Article Courtesy of The Daytona
By Eileen Zaffiro-Kean
Published January 22, 2017
DAYTONA BEACH - The city is going to detach itself from the two LPGA
International golf courses it has owned for 40 years, a move that city leaders
say will help taxpayers dodge a multimillion dollar drag on city coffers.
At their meeting Wednesday night, city commissioners decided on a 6-1 vote to
sell the two 18-hole courses on the city's west side to Indigo International.
Although the courses and clubhouse have lost $15 million over the past few
decades and are in need of more than $1 million in upgrades, the commissioner
who cast the lone no vote made an impassioned plea to hold out for much more
than the $2.2 million the city will get in the deal.
"Are we crazy?" implored City Commissioner Ruth Trager. "Goodness. They want to
offer us close to what we'd get (in rent) if we just held on to it. I think
Daytona Beach is getting screwed."
For a while at Wednesday's meeting, the arguments for and against the sale
proposal volleyed between Trager and City Commissioner Rob Gilliland, who
maintained keeping the courses would mean a property tax increase.
"It's not something I'm willing to tolerate," Gilliland said. "Golf courses are
on the downswing. More courses are closing each year than being built. The city
needs an exit strategy."
Trager, who called the sale price "downright pitiful," also got into a back and
forth debate with local resident Carol Killian while she was at the podium
saying she supported the deal.
"Why do you want the city to lose money?" Trager challenged, interrupting
Killian during her 2½ minutes to comment.
"I beg to differ with you," Killian said, and went on to defend her support.
After a 90-minute discussion, the decision was made to go with the deal to sell
the pair of courses to the company that has been leasing them for 40 years.
Indigo International, a subsidiary of Consolidated-Tomoka Land Co., will buy the
657 acres spread across the two courses for $1.5 million. The deal also calls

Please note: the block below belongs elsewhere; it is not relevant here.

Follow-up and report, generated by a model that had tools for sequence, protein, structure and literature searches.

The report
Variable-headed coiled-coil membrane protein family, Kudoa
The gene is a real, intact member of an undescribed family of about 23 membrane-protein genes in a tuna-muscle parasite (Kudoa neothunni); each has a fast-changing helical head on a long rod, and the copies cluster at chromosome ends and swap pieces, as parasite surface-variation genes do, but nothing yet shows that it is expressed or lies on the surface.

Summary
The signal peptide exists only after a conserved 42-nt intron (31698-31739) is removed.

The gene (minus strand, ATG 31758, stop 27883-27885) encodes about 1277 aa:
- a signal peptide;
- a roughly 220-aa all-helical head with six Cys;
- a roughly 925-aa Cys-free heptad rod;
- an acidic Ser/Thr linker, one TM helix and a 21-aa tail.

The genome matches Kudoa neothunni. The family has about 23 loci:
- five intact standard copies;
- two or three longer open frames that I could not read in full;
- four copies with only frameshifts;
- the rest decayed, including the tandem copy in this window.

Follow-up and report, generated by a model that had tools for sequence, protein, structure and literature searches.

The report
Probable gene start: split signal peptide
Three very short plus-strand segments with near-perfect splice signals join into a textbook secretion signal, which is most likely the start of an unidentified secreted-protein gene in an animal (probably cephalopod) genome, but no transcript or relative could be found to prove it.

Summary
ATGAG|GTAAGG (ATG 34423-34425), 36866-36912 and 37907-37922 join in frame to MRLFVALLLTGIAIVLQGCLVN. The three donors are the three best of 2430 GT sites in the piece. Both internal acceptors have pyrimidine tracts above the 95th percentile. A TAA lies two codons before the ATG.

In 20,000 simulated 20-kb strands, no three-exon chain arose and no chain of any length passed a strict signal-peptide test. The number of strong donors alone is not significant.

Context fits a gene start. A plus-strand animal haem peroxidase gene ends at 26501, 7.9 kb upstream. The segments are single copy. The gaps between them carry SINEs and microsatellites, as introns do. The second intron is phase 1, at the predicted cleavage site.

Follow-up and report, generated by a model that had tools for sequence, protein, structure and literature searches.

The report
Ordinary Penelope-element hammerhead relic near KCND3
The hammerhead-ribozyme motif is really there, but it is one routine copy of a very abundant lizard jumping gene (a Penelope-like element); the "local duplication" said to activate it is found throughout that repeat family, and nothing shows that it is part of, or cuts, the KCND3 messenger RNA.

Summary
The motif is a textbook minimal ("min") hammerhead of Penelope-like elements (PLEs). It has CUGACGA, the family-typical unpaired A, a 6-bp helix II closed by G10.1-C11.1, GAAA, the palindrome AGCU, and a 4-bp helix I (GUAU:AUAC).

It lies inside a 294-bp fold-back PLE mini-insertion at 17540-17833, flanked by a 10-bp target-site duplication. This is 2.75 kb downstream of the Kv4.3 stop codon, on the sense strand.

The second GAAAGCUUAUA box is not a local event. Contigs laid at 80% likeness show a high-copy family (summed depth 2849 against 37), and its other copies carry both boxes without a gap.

for Indigo International to pay the city at least $70,000 every year from a $1
surcharge on every round of golf, which will run until the city has received
The deal also promises that if Consolidated-Tomoka sells the golf course within
the next six years, the city will receive 10 percent of any profits in excess of
a $4 million sale price.
In addition to those payments, the city will also receive a little over 14 acres
near Municipal Stadium owned by Indigo International. City leaders say the 14.28
acres, which are valued at around $500,000 and split in three parcels around the
stadium, are badly needed for extra parking and flood mitigation.
Local appraiser Carl Velie said the courses and clubhouse are currently valued
at $2.6 million, and in six years he estimated they'll be worth $3.7 million.
Trager argued that the golf course land would be very attractive to a
homebuilder, and Indigo International could sell it for much more than the city
is getting. But Velie, city leaders and Consolidated-Tomoka officials said a
deed restriction and the legal land use assigned to the courses would make that
Even if it was possible, Gilliland argues that the disjointed and narrow swaths
of golf course land don't have enough space to build roads and homes. And
getting rid of the courses would be economic suicide for the upscale area that
attracts high-end home buyers who want to golf somewhere nearby, he said.
If the lease between the city and Indigo International had reached its end in
2022, the city would have taken on an operation that's been losing between
$800,000 and $1.5 million annually since 2011, according to Consolidated-Tomoka
"It's always been a large loser," said John Albright, president and CEO of
"If the golf courses went to the city, we'd lose $15 million in 10 years,"
Walking away, he said, will leave the city with about $10 million from the
course rent and taxes collected over the years as well as the new sale revenue.
Located west of Interstate 95, LPGA International consists of two 18-hole golf
courses, a clubhouse, restaurant and fitness center. Since the late 1970s, the
city has owned both courses and has been leasing them along with its 20 percent
portion of the clubhouse to Consolidated-Tomoka.
The courses lured the Ladies Professional Golf Association to relocate to the
west Daytona Beach courses in 1989. The hope was the LPGA would attract large,
lucrative tournaments and a new hotel and scores of new homes would be built
near the courses.
But the explosive growth never came, and now two aging courses and a clubhouse
need upgrades. Owning the courses now is incentive for Consolidated-Tomoka to
try to make the venture profitable in the long run, Albright said.